In an open letter to NASA and the U.S. Department of Transportation (DOT), Navajo Nation President Buu Nygren wrote that "we view it [the moon] as a part of our spiritual heritage" and regard it as "an object of reverence and respect." As a result, landing human remains on the moon is "tantamount to desecration of this sacred space," he wrote in the letter, dated Dec. 21.

Nygren also wrote that NASA and the DOT should have consulted with the Navajo Nation about the lander's contents long before the launch. Nygren asked for the launch to be delayed so the issue could be discussed.

Since 1999, NASA has had an agreement with the Navajo Nation to inform them of any human remains being sent to the moon, after NASA's Lunar Prospector orbiter, which was carrying the cremains of astrogeologist Eugene Shoemaker, was deliberately crashed onto the moon's surface, space exploration news site reported.

Nygren added that this is the type of topic the U.S. government should be consulting the Navajo Nation on in accordance with the 2021 Memorandum on Tribal Consultation and Strengthening Nation-to-Nation Relationships.

The Vulcan Centaur rocket is scheduled to deploy the Peregrine lander on Feb. 23 after a set of orbits around the moon. (Image credit: Astrobotic)

NASA argued that because the mission is commercially run, the space agency cannot take responsibility for what other companies sent on the lander. The approval process for commercial missions "doesn't run through NASA," CLPS program manager Chris Culbert said in a statement sent to "These are truly commercial missions, and it's up to them to sell what they sell," he added.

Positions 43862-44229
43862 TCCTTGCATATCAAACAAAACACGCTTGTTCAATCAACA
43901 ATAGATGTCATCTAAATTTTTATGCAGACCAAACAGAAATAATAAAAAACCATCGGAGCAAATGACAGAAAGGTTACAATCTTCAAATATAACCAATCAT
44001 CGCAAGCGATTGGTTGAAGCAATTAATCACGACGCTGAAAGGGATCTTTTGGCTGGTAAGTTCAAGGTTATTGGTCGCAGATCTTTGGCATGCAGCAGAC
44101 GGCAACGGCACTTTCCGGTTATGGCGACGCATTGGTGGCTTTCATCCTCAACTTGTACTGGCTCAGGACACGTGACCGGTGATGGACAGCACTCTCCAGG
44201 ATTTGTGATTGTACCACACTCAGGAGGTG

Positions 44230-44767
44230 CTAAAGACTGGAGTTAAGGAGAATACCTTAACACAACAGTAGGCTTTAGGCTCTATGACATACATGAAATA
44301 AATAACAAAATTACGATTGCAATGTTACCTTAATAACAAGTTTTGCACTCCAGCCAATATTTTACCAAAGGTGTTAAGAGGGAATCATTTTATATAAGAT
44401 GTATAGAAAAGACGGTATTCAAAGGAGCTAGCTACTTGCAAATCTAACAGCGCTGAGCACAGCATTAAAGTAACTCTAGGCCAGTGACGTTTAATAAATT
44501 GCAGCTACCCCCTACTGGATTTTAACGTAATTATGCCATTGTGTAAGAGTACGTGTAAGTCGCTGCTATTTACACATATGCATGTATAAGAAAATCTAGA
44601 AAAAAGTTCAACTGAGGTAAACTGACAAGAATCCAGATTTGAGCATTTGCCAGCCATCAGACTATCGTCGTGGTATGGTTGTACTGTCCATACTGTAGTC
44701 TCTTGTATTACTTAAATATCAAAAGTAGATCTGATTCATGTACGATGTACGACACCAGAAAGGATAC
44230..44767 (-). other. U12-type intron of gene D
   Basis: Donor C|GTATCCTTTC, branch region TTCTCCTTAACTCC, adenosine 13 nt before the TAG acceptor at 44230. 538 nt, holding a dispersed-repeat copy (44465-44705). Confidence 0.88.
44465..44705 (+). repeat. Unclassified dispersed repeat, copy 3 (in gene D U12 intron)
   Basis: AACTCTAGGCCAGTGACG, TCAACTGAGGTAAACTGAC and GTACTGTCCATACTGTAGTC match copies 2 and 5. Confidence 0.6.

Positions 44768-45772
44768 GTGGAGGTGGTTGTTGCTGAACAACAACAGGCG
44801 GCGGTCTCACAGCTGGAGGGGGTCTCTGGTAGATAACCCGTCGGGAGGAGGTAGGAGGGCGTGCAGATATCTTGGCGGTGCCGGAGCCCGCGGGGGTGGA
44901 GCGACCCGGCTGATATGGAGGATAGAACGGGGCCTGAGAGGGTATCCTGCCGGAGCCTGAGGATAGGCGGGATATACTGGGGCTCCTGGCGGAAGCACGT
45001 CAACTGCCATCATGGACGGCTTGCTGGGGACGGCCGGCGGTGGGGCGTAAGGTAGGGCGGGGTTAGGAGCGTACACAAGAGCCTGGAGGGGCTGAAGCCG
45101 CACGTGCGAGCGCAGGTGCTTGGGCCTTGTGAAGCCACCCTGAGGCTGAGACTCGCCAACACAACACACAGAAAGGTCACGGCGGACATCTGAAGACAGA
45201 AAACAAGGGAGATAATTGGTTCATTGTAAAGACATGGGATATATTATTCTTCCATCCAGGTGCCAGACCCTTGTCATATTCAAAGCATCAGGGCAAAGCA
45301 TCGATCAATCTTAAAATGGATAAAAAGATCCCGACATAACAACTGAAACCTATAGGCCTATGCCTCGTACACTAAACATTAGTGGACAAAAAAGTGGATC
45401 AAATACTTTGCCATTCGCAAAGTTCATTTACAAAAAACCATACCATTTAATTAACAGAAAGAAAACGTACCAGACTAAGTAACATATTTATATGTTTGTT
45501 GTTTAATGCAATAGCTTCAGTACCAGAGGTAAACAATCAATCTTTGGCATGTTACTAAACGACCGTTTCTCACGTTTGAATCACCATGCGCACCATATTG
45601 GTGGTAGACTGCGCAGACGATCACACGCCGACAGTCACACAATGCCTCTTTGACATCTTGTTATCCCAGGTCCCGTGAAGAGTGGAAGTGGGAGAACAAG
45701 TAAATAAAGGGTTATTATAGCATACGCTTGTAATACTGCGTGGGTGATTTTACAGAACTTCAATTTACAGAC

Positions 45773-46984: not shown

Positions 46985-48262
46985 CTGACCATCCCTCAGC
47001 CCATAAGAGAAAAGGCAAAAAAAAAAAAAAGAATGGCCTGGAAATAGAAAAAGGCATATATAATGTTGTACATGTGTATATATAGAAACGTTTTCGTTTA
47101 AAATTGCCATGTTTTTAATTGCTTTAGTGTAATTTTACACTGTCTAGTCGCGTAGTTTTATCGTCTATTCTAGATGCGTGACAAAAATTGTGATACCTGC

But although NASA may not be in charge of this particular mission, it does stem from the agency's initiative, which means NASA is "heavily invested" in the program, previously reported.

Astrobotic Technology has added that the remains being sent to the moon will not violate any regulations because they will remain in the lander and not touch the lunar surface, reported. 

Celestis' CEO and co-founder Charles Chafer has also defended the mission and its payloads: "No individual religion can or should dictate whether a space mission should be approved," Chafer said in a statement sent to "We reject the whole premise that this is somehow desecration," he added in a statement to

Chafer also said that the Navajo Nation did not raise its concerns during a public comment period when the launch license was under review.

During a pre-launch briefing on Jan. 4, NASA said that the Biden administration would be meeting with leaders of the Navajo Nation to address their concerns about human remains being sent to the moon on future CLPS missions, reported.

Harry Baker
Senior Staff Writer

Harry is a U.K.-based senior staff writer at Live Science. He studied marine biology at the University of Exeter before training to become a journalist. He covers a wide range of topics including space exploration, planetary science, space weather, climate change, animal behavior, evolution and paleontology. His feature on the upcoming solar maximum was shortlisted in the "top scoop" category at the National Council for the Training of Journalists (NCTJ) Awards for Excellence in 2023.